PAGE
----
Chaining the Hudson: The Fight for the River in the American Revolution (VINTAGE)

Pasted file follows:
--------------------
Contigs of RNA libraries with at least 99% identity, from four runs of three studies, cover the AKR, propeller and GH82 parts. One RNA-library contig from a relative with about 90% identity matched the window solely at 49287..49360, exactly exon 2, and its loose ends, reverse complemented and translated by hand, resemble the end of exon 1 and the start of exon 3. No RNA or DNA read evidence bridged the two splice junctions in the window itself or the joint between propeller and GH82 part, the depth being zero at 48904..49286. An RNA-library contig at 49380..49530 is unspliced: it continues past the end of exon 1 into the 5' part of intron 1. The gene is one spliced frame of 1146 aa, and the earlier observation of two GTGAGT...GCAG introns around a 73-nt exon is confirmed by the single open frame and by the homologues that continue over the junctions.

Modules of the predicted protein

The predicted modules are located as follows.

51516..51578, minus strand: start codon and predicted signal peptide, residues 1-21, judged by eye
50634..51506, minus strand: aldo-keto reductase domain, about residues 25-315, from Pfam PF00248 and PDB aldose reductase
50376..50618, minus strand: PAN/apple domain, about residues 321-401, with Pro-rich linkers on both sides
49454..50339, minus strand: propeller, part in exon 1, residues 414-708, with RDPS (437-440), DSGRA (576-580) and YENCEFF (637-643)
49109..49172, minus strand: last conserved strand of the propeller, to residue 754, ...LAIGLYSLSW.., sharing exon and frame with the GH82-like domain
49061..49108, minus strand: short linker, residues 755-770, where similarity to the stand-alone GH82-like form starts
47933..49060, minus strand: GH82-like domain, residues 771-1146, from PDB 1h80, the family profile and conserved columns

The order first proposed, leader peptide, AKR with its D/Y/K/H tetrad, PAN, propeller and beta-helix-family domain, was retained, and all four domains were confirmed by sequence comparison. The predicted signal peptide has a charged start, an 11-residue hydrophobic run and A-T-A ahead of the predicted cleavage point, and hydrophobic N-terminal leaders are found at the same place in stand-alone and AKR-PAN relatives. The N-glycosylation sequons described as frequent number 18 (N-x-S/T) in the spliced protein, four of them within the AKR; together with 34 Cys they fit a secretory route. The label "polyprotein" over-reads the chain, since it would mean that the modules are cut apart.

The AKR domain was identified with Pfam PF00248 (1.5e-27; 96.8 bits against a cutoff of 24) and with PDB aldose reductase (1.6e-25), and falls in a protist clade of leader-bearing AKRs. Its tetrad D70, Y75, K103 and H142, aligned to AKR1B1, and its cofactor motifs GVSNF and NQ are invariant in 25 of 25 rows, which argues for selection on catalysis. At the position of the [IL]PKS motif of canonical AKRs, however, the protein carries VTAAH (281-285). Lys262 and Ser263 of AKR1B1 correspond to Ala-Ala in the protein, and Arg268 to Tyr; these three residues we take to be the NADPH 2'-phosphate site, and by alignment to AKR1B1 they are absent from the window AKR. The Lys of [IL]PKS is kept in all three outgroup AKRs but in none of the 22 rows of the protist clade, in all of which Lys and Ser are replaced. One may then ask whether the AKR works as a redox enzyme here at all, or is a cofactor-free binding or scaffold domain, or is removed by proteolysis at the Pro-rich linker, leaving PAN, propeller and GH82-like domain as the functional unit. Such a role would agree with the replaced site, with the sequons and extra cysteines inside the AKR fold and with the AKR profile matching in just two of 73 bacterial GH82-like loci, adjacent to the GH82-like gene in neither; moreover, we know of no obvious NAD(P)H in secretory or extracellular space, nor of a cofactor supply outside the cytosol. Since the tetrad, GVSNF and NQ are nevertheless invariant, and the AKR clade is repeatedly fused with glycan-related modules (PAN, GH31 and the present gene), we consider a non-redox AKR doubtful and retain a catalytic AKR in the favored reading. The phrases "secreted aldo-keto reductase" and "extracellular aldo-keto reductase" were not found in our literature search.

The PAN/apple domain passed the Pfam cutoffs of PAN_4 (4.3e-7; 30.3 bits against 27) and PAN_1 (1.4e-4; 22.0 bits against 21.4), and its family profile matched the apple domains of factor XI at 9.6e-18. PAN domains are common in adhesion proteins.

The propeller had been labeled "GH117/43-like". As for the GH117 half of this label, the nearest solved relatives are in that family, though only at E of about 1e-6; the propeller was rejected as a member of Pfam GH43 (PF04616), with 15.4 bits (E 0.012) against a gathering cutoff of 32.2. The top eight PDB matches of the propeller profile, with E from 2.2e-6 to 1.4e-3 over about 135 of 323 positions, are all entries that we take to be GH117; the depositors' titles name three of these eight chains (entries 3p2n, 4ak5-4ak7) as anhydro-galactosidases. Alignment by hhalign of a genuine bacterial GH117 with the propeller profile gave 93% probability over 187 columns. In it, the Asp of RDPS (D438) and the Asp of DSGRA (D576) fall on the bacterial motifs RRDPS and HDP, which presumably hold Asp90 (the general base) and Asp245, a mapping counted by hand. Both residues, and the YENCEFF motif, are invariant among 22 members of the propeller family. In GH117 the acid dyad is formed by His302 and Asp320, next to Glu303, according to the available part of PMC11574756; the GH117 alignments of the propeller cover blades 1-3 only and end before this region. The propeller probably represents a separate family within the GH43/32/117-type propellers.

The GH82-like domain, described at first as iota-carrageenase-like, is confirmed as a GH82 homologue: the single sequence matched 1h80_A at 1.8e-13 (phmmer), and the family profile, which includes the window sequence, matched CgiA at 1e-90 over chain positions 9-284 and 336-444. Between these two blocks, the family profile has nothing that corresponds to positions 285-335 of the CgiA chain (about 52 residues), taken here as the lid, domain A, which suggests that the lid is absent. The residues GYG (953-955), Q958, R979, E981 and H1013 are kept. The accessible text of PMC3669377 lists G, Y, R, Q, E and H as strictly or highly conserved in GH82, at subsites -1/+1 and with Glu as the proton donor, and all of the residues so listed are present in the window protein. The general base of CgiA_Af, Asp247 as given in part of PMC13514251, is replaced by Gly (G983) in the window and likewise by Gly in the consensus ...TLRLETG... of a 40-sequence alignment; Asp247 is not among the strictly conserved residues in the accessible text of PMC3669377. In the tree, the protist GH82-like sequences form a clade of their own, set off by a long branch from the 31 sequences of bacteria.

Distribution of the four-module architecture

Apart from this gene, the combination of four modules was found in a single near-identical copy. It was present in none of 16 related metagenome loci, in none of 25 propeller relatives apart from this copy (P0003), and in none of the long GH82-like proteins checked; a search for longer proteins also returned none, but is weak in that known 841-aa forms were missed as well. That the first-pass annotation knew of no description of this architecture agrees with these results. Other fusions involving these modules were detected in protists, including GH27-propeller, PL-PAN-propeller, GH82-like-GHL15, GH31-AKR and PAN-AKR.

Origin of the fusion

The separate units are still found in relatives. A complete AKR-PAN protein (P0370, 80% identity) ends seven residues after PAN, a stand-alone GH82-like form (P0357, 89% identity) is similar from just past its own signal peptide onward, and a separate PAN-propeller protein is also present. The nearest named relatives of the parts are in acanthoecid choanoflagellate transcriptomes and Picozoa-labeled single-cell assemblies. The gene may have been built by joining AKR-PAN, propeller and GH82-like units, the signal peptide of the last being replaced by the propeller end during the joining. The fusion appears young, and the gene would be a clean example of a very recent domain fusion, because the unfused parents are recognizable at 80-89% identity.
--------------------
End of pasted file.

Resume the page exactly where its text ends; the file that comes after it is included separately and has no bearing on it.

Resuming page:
This well-researched chronicle covers the struggle for control of the Hudson highlands and of the strategically vital waterway itself from 1775 to 1783. The narrative is concerned principally with military/naval inventions produced by "rebel genius" for use in that particular zone of operations during the Revolutionary War. They include flaming-tower signal systems, ingenious shallow-water obstructions and the first torpedo-carrying submarine. With one exception, none were great successes. In 1778, Lt. Thomas Machin of the Continental Army devised and directed the forging and assembly of a 1700-foot chain, which was then winched across the Hudson at West Point and provided with a shock-absorbing boom. The barrier proved to be a turning-point in the war, as it prevented the Royal Navy from ascending the river and splitting the colonies. Diamant's ( Bernard Romans ) painstaking reconstruction of this remarkable engineering feat is impressive. He goes on to trace the chain's fate after its "honorable retirement" in 1782.